News: Increased deaths in ED highlight need for improving end-of-life care, researchers say

CDI Strategies - Volume 16, Issue 51

Deaths in emergency departments (ED) are estimated to account for 11.3% of total deaths in the U.S. from 2010 to 2019, according to a new research article published by JAMA Network Open. Also, a third of people who died nationally had visited an ED within one month of their death, a proportion that has increased 42% over a decade. Among patients older than 80 with ED visits, nearly one in 12 died within a month of visiting, HealthLeaders reported.

The study used Optum electronic health record data from 2010 to 2020, as well as the Healthcare Cost and Utilization Project Nationwide Emergency Department Sample and U.S. Census. It found patients with ED visits resulting in death tended to be older, male, and with higher Charlson Comorbidity Index scores. Since many people consider dying at home or in a hospice facility better or more comforting than dying in the hospital, ED deaths may lead to protracted grief and psychological distress for families. The study’s co-authors note this increasing proportion of ED deaths highlights a growing need for better end-of-life care in the ED setting.

“Patients with death proximate to their final ED encounter are older and have significantly more comorbidities compared with the overall ED population,” the study’s co-authors wrote. “These patients may exhibit identifiable trajectories of dying that offer an opportunity to avoid unwanted aggressive care or hospitalization at end of life.” The general consensus that delivering high-quality end-of-life care in the ED is currently an unmet need may likely be due to time constraints, patient volume, and environmental factors, they said.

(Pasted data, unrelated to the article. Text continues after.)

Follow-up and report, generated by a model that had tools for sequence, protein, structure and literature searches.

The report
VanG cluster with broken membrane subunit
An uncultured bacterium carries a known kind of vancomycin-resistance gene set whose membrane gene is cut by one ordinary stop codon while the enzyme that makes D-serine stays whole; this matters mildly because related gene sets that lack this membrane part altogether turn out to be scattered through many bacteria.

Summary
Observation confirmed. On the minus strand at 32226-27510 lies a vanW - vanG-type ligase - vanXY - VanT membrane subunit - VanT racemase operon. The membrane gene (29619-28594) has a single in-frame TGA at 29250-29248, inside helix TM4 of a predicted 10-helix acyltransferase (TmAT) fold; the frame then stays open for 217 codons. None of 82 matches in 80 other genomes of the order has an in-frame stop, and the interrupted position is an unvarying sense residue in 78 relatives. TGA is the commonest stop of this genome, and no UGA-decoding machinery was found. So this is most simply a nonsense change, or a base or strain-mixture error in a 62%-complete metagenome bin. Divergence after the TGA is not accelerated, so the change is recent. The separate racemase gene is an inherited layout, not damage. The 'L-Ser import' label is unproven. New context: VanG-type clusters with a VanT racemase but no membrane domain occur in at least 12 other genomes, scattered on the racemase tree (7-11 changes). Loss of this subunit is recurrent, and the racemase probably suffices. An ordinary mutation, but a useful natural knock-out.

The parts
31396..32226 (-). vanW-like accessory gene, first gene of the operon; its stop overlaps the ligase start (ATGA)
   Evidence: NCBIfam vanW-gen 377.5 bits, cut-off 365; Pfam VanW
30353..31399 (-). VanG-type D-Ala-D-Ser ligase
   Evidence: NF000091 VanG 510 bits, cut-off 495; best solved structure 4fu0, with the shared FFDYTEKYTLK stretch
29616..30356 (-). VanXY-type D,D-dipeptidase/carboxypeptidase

The co-authors suggested the following for improving end-of-life care:

  • Include grief and bereavement resources in ED programs
  • Teach ED practitioners and staff core primary palliative care skills (including symptom management for actively dying patients, the ability to give serious news, and focus on talking to patients and families about goals of care)
  • Develop and implement new policies in ED programs
  • Allocate additional resources for training
  • Develop relations with community palliative care and hospice programs to follow up with the large number of patients who have impending or ongoing palliative care needs

“These findings highlight a pressing need to develop systems and resources to support end-of-life care in the ED,” the authors concluded.

Editor’s note: To read HealthLeaders’ coverage of this story, click here. To read the JAMA Network Open article, click here.

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